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Tribune News Service
Tribune News Service
Mike Kaye

Panthers hire Frank Reich as head coach: What you need to know

Frank Reich will be the Carolina Panthers’ sixth full-time head coach in franchise history.

On Thursday, the Panthers announced they agreed to terms with Reich, who previously served as the head coach of the Indianapolis Colts.

Reich, 61, will replace Matt Rhule, who went 11-27 during his tenure as head coach. The Panthers decided to pass on interim head coach Steve Wilks, who went 6-6 during his temporary tenure last season, in favor of Reich.

Reich’s background as a former NFL quarterback and head coach likely played a major role in the decision to hire him. Reich will need to build a strong staff around him before he can start to put his plan in place for his new locker room.

Reich will work with GM Scott Fitterer to build a roster that can contend for the foreseeable future. That task will begin with the identification of a potential franchise quarterback.

Luckily for the Panthers, Reich has a long history of working with the position.

Here are four things to know about the Panthers’ new head coach:

First Panthers starting quarterback

Before becoming a coach, Reich played 13 seasons in the NFL as a quarterback. While he was mostly used as a backup, Reich threw for 6,075 yards, 40 touchdowns and 36 interceptions during his long professional playing career.

Reich is most famous for leading one of the biggest comebacks in NFL history during his time with the Buffalo Bills. In 1992, Reich led the Bills back from a 32-point deficit to beat the Houston Oilers, 41-38, in overtime in a playoff game. That comeback was the largest in NFL history until the Minnesota Vikings rallied from a 33-point deficit against Reich’s former team, the Colts, in December.

Reich went 5-15 as a starting quarterback, and he owns the distinction of being the Panthers’ first starting quarterback in team history. Reich compiled an 0-3 record before being replaced by No. 5 overall draft pick Kerry Collins in 1995.

A winding road of a coaching journey

Following his playing career, Reich eventually made his way back to the NFL as a coaching intern with the Colts in 2006. He had stints with the franchise as a quarterbacks coach and wide receivers coach under then-head coach Jim Caldwell. After Caldwell’s firing in 2012, Reich was hired as wide receivers coach of the Arizona Cardinals.

After that one-year stint, Reich found his groove as quarterbacks coach for the Chargers in San Diego. During his time out west, Reich tutored quarterback Philip Rivers to success in a pass-heavy offense. After one season as a position coach, Reich was promoted to offensive coordinator for the Chargers. He was fired in 2016 after a rough 2015 campaign that saw the Chargers finish as the second-worst offense in the league.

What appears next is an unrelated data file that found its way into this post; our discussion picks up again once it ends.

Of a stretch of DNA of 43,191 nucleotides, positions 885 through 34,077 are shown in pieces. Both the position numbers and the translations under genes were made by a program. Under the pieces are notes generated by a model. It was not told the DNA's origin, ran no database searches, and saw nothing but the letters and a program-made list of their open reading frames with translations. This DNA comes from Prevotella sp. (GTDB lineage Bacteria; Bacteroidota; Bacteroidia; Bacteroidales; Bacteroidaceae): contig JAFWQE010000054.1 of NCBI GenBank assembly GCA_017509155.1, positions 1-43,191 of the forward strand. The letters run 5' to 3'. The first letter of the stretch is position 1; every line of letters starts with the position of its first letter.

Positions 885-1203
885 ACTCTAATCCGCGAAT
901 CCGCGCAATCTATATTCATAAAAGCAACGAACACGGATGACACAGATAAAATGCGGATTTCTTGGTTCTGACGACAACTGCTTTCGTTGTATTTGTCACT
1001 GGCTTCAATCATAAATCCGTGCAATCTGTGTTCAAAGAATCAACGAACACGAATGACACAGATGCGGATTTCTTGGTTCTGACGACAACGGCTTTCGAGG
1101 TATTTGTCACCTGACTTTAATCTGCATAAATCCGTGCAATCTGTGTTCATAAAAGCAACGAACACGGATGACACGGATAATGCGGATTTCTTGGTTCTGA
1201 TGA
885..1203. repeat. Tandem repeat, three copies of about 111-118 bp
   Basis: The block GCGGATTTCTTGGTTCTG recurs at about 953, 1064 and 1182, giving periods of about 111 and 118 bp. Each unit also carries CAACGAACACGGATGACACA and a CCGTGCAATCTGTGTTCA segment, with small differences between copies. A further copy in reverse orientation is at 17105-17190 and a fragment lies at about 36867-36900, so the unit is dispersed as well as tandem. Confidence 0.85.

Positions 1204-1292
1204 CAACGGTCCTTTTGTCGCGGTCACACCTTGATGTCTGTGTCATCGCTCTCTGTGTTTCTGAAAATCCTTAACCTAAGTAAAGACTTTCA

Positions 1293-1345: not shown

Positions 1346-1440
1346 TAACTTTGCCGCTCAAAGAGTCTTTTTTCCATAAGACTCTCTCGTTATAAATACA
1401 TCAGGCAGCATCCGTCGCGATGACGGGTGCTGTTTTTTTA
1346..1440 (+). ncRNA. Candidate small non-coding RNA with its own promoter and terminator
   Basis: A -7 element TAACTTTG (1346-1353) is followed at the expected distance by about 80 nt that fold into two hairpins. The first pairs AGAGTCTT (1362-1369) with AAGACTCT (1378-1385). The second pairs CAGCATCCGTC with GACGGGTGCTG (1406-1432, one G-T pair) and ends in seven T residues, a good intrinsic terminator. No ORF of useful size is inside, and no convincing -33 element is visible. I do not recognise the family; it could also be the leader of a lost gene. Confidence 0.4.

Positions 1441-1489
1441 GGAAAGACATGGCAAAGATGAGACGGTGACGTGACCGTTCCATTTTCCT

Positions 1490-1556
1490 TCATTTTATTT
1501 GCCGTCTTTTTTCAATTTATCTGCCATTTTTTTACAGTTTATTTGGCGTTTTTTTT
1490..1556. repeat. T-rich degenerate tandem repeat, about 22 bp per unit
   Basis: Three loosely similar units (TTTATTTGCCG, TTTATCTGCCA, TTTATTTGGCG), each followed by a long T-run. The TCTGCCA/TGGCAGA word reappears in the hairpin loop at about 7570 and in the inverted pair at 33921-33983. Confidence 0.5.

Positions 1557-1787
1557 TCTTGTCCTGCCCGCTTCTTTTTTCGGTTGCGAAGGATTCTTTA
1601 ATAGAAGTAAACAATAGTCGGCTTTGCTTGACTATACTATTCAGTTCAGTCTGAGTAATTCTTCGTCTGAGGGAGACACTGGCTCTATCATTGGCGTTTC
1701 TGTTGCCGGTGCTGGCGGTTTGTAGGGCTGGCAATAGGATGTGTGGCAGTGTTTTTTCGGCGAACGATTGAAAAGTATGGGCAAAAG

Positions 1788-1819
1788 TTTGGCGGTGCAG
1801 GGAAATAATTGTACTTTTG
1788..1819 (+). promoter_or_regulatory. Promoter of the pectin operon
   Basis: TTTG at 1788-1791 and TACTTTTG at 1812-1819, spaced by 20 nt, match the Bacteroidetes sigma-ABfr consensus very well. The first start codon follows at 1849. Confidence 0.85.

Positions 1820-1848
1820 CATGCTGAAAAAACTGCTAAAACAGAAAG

Reich was hired by Philadelphia Eagles head coach Doug Pederson in 2016. Reich held the title of offensive coordinator but didn’t call plays. Instead, he helped Pederson craft the passing game and worked with quarterback Carson Wentz.

In 2017, Pederson and Reich helped launch Wentz into superstar status, as the quarterback led the Eagles to a division title before tearing up his knee late in the season. With Wentz sidelined, Reich tutored backup Nick Foles into an improbable and prolific playoff run to a Super Bowl title.

A head coach and a play-caller

Reich parlayed the Super Bowl LII win into a return to Indianapolis. After Josh McDaniels left Indianapolis at the altar in its coaching search, Reich was hired by the Colts as their new head coach in early 2018.

Reich decided to call plays along with serving as head coach. Pederson, his former boss, had success with a similar setup.

During his first season with the Colts as head coach, Reich led the squad to a 10-6 record and playoff berth. The Colts offense finished fifth in points and seventh in yardage with Andrew Luck at quarterback. Unfortunately for Reich and the Colts, Luck unexpectedly retired in the summer of 2019, and the Colts became a revolving door at quarterback for the next four years.

Despite the turnstile at the QB position, Reich’s offenses finished in the top 10 in points in three of his first four seasons. Reich worked with Luck, Rivers, Wentz and Jacoby Brissett before the wheels truly fell off this past season with Matt Ryan under center.

Reich was fired after a 3-5-1 start to last year’s campaign. In total, Reich’s tenure amounted to a regular-season record of 40-33-1. He led the Colts to the playoffs twice, but never won the AFC South.

History with the roster

Reich has worked with a pair of backup quarterbacks on the Panthers’ roster.

PJ Walker, who is expected to become a restricted free agent in March, played under Reich on the Colts’ practice squad from 2018 to 2019 before heading to the XFL.

Reich was also in Indianapolis in 2020 when the Colts drafted Jacob Eason in the fourth round. Eason spent two seasons in Indianapolis before being claimed off waivers by the Seattle Seahawks in 2021. Eason re-signed with the Panthers on a reserve/future deal earlier this month.

Reich has also worked with a pair of impending unrestricted free agents: cornerback T.J. Carrie and kicker Eddy Piñeiro. Carrie played for Reich for two seasons in Indianapolis, while Piñeiro lost a kicking competition with the Colts in 2021.

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